Conclusions:

- spreading results in a shallow copy
- Object.assign copies property values only (not a deep copy)

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penge profile image
Pavel Bucka

I loved reading this article!! No bs, right to the point. And great analogies with Russian dolls or Eraser! I didn't understand that mud from MDN as well :D
Although it is a familiar topic to me, I found it entertaining and interesting enough to read it till the end. Great work! :-)

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Samantha Ming Author

Who said learning programming can't be entertaining or interesting 😆 Thanks so much for the positive feedback! Entertain-learning (yup, I just TM that 😂) is my goal for all my code notes now! 🙌

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wrldwzrd89 profile image
Eric Ahnell

Fun! I can see a somewhat unusual use for this: in web games, you need arrays for various reasons. It’s usually more efficient to store only one dimension, even if the data isn’t, and simulate a multidimensional array. Spread gives a convenient way to make the simulation less annoying for consumers, from the perspective of a JS library.

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Samantha Ming Author

Interesting, thanks for sharing! 🎮

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pony profile image
Pony

Nice post,
Thanks, Samantha

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Samantha Ming Author

Thank for reading my code notes 😄

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bukazoltan profile image
bukazoltan • Edited

Lovely useful aericle.
I also often use it to get min and max of an array 😊

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Samantha Ming Author

min and max? please say more! 🤩

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bukazoltan profile image
bukazoltan • Edited

Well, the min() and max() method cannot take an array as an input, so spreading it can solve that problem too... It saved me a lot of headaches.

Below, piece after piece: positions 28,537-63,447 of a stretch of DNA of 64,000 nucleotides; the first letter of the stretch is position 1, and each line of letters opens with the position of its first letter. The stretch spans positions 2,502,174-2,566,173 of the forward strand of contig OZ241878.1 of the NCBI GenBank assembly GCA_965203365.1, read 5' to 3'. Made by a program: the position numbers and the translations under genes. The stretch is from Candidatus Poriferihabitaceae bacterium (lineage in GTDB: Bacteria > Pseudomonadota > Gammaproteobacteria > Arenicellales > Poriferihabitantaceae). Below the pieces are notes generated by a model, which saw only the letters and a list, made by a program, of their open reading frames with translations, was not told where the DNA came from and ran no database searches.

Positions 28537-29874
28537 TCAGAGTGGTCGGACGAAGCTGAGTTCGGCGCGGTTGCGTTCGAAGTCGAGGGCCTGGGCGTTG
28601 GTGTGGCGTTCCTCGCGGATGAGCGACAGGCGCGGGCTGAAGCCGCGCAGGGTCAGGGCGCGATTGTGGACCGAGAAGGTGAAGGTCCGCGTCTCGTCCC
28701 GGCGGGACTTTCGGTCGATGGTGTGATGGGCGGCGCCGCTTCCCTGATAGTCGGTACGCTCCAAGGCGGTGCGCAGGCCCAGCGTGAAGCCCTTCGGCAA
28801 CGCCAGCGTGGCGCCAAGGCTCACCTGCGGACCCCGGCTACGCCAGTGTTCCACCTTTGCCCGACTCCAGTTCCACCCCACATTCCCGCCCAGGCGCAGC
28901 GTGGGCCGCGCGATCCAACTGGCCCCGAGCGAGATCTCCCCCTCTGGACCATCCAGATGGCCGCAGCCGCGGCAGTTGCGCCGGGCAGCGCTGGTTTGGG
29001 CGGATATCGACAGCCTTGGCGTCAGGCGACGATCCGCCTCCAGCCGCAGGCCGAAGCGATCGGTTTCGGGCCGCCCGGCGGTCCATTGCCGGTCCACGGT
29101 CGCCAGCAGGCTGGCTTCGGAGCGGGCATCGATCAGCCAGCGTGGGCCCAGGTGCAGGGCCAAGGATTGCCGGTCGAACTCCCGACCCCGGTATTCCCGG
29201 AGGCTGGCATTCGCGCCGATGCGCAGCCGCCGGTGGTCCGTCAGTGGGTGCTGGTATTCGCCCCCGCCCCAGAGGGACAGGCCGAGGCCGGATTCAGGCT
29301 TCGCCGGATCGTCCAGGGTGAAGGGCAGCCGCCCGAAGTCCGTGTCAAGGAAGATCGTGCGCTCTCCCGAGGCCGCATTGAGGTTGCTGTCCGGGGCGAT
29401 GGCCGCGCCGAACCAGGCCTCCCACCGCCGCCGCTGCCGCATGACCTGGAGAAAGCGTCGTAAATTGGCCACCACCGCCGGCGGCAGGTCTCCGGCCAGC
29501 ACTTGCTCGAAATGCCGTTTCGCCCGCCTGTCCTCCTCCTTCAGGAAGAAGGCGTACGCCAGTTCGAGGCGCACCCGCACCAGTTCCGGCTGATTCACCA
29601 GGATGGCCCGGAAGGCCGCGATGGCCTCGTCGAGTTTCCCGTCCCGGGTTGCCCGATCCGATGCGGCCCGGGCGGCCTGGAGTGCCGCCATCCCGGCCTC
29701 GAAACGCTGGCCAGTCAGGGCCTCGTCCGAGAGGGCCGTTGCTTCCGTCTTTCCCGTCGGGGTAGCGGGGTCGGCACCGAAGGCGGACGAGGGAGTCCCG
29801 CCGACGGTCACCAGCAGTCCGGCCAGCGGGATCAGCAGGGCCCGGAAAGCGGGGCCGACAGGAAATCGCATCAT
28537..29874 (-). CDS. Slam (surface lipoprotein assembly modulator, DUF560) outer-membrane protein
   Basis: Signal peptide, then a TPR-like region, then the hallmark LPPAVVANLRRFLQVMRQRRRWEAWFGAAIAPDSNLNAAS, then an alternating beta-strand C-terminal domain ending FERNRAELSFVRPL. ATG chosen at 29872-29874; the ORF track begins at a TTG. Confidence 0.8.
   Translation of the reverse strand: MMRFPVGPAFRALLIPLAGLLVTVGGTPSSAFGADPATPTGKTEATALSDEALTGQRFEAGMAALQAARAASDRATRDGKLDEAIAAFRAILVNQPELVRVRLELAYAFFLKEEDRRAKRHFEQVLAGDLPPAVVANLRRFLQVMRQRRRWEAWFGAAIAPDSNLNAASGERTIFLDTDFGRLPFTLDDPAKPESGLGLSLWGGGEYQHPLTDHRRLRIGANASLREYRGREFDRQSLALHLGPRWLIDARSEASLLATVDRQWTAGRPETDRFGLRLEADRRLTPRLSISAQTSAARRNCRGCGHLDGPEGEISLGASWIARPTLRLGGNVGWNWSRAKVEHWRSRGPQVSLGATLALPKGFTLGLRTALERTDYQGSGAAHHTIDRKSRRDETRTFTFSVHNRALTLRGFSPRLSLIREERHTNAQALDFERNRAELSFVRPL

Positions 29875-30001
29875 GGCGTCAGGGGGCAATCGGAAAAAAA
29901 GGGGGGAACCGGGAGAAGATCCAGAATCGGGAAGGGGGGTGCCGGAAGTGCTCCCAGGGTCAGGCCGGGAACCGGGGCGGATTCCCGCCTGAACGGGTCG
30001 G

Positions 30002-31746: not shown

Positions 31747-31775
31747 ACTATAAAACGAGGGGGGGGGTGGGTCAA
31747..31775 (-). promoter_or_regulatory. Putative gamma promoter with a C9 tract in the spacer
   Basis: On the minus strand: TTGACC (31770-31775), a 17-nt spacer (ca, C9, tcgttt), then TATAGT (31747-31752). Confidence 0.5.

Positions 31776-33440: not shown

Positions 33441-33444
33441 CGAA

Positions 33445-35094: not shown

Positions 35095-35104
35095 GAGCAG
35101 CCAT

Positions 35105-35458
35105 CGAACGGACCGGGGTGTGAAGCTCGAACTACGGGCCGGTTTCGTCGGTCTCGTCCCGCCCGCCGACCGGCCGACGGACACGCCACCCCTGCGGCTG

array = [1, 2, 3, 4, 5];
var minimum = Math.min(...array);
var maximum = Math.max(...array);
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samanthaming profile image
Samantha Ming Author

Ah yes! that's a fantastic use case! let me add it to my notes, thanks for sharing 💪

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mustafaaljassim profile image
Eng_Mustafa

Samantha! You just make everything simple and easy to understand. Please try to share more content. I have been addicted to yours 😭

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Samantha Ming Author

Thank you so much!!! Will dooo 😊😊😊

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dotorimook

Nice to read! Thank you!

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Samantha Ming Author

Yay! thank you for reading 🙂

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tradecoder profile image
Mamun

Good explanation.

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Samantha Ming Author

thanks, glad you find it helpful 👏

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PenAndPapers

I dont use spread operators much but now that I have a better understanding on how it work i'd probably use them more. Thanks for sharing this.

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Samantha Ming Author

great! that's the goal of the post. Spread is super awesome, but it can be tricky to understand. So glad it makes more sense to you and you're encouraged to use it more 👏

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Bernard Baker

I like reading your articles 🤸.

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Samantha Ming Author

Awesome happy to hear that! glad you find them helpful 👏

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Glaydson V Sousa

Thank you for sharing this, now I think I understand spread operator!